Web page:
alexa Aquaporin-1 plays a crucial role in estrogen-induced tubulogenesis of vascular endothelial cells.
Oncology

Oncology

Journal of Cancer Science & Therapy

Author(s): Zou LB, Shi S, Zhang RJ, Wang TT, Tan YJ,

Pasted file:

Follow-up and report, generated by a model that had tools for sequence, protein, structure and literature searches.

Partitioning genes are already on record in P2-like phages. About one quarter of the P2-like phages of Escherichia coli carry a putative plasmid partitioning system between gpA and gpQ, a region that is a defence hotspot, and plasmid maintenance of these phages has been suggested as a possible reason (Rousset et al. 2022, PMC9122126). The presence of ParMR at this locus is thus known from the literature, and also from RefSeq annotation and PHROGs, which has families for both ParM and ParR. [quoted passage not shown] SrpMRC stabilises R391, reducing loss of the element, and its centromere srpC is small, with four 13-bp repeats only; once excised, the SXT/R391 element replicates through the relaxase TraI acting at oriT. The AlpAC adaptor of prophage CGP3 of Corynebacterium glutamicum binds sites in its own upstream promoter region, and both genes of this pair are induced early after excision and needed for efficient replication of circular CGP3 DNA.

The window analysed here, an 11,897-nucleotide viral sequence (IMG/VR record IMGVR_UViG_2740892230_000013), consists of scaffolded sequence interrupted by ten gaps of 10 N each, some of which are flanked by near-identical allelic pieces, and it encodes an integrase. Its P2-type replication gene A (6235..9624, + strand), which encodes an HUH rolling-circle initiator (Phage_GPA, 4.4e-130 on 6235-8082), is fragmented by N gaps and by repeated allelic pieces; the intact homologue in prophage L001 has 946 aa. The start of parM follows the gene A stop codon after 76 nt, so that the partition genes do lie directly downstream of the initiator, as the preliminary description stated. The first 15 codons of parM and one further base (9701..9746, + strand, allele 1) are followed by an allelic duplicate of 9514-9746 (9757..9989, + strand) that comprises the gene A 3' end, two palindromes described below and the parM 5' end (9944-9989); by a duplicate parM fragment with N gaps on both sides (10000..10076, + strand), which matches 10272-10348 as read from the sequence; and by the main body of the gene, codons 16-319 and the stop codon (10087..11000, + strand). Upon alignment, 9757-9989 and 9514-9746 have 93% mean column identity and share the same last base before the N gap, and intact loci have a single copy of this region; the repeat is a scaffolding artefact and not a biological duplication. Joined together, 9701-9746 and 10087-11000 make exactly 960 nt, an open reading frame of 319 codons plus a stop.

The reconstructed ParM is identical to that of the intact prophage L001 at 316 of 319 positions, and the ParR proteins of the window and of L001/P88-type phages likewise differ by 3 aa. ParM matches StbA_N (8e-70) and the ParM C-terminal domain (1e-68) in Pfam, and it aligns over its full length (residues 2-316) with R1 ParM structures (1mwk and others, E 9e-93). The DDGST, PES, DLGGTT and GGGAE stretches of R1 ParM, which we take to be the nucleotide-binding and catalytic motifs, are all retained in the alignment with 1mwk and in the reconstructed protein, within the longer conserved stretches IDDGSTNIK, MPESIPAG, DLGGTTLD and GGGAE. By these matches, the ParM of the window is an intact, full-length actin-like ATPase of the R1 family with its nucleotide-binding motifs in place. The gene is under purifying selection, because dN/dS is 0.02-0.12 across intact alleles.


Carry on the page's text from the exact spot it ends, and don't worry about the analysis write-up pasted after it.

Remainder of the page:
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Abstract CONTEXT: Aquaporin-1 (AQP1) has been proposed as a mediator of estrogen-induced angiogenesis in human breast cancer and endometrial cancer. Elucidation of the molecular mechanisms governing AQP1-mediated, estrogen-induced angiogenesis may contribute to an improved understanding of tumor development. OBJECTIVE: Our objective was to identify the estrogen-response element (ERE) in the promoter of the Aqp1 gene and investigate the effects and mechanisms of AQP1 on estrogen-induced tubulogenesis of vascular endothelial cells. SETTING: The study was conducted in a university hospital in eastern China. MAIN OUTCOME MEASURES: Immunohistological, real-time PCR and Western blot analyses were used to determine the expression AQP1 mRNA and protein in vascular endothelial cells. Chromatin immunoprecipitation analyses and luciferase reporter assays identified ERE-like motif in the promoter of the Aqp1 gene. RESULTS: Expression of AQP1 in blood vessels of human breast and endometrial carcinoma tissues were significantly higher than controls. Estradiol (E2) dose-dependently increased the expression levels of AQP1 mRNA and protein in human umbilical vein endothelial cells (HUVECs). A functional ERE-like motif was identified in the promoter of the Aqp1 gene. AQP1 colocalized with ezrin, a component of the ezrin/radixin/moesin protein complex, and, ezrin colocalized with filamentous actin in HUVECs. Knockdown of AQP1 or ezrin with specific small interfering RNA significantly attenuated the formation of transcytoplasmic filamentous actin stress fibers induced by E2 and inhibited E2-enhanced cell proliferation, migration, invasion, and tubule formation of HUVECs. CONCLUSIONS: Estrogen induces AQP1 expression by activating ERE in the promoter of the Aqp1 gene, resulting in tubulogenesis of vascular endothelial cells. These results provide new insights into the molecular mechanisms underpinning the angiogenic effects of estrogen. This article was published in J Clin Endocrinol Metab and referenced in Journal of Cancer Science & Therapy

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